Louis Sarno is already a legend: He recorded 400 hours of the Akas music and songs, survived typhus, hepatitis, and all kinds of equatorial diseases. Inside his rudimentary hut made of branches, you find no television, or phones…

Actually, there is no electricity or running water.  The radio and taping recorder function on batteries.

When asked how people can find their way in this jungle, Louis says: “The forest is an orchestra and the Akas add their solo pieces.  The songs of birds and the sounds of the animals and branches have their special directional orientation.  They can hear the river from long distances. For example, a woman knows that her husband had a good hunt by the birds singing variations”

Louis Sarno married a pygmy girl and has two sons, the elder is Bokumbe (12 year-old) and Yambi (7).

They divorced because Louis never learned to climb trees and bring in the wild honey “Without honey, do not expect honey in return!”  The children wear T-shirt of Harry potter, Tokio Hotel, Vodafone

The Akas name Sarno Looyay because they cannot pronounce Louis. He became their guardian angel since he is in contact with officials in order to preserving the Akas rights. Louis says: “The Akas are my family and the forest is my home”

Recently, Louis’s mother of 83 sent him an e-mail with an plane ticket to visit her.  Sarno is in New York for a short visit in order to record more Akas songs and generate money for the tribe. Louis purchased a Panasonic LS86, a DVD reader for showing the favorite movies of his two sons, Bruce Lee and Fantastic Mister Fox…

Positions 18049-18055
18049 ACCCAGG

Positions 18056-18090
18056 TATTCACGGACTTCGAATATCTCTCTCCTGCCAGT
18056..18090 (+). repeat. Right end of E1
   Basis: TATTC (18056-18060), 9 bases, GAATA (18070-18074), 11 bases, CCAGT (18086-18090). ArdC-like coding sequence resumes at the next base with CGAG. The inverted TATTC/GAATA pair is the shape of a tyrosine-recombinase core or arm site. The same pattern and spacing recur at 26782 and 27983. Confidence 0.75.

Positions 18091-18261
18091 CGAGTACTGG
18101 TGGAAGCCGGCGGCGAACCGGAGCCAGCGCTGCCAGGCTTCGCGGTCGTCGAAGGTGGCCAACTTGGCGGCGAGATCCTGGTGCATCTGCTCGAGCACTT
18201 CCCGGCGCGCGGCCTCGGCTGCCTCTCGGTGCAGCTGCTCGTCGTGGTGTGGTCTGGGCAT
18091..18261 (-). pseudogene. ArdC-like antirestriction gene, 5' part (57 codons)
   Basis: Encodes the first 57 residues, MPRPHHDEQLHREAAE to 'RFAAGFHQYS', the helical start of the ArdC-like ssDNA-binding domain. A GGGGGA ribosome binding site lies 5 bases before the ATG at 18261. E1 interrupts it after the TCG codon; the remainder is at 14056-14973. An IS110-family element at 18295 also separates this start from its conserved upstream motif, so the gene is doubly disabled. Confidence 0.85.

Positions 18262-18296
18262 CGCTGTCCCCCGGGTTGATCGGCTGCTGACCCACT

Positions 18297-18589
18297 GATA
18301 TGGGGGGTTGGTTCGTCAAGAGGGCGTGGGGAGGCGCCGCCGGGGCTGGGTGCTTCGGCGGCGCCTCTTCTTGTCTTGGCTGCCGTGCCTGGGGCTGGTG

Note 1: You may listen to the Akas music such as “Bayaka”: The extraordinary music of the Babenzele pygmies and their Forest Home-a book and CD by Louis Sarno”, or “Central Africa Pygmies Akas: Chants of hunting, love, and mockery-a CD Ocora-Radio (France)”, or “Central Africa: Antology of pygmy music– a CD Ocora-Radio (France)”

Note 2: This story was taken from “Courrier International #1067”

Note 3: The neurosurgeon, Saul Schwarz, MD (E-mail : sent me this request:  “I am one of Louis’ closest friends, through high school and college. We were last together in the mid-1990’s, when he stayed with me in our home in North Carolina. Can you give him my contact info? Greatly appreciated. Denver, CO. USA.

Note 4: Patti Waters sends this message to Louis: “When I was a teenager, my friend Louis and I would create stories where we imagined a different life. I know he indeed has a life that we could not have imagined then. If he would like to contact me I would welcome that. With love and respect.”

Case of the Julius Bar Swiss bank: “Inside WikiLeaks” story

Daniel Domscheit-Berg wrote in “Inside WikiLeaks”: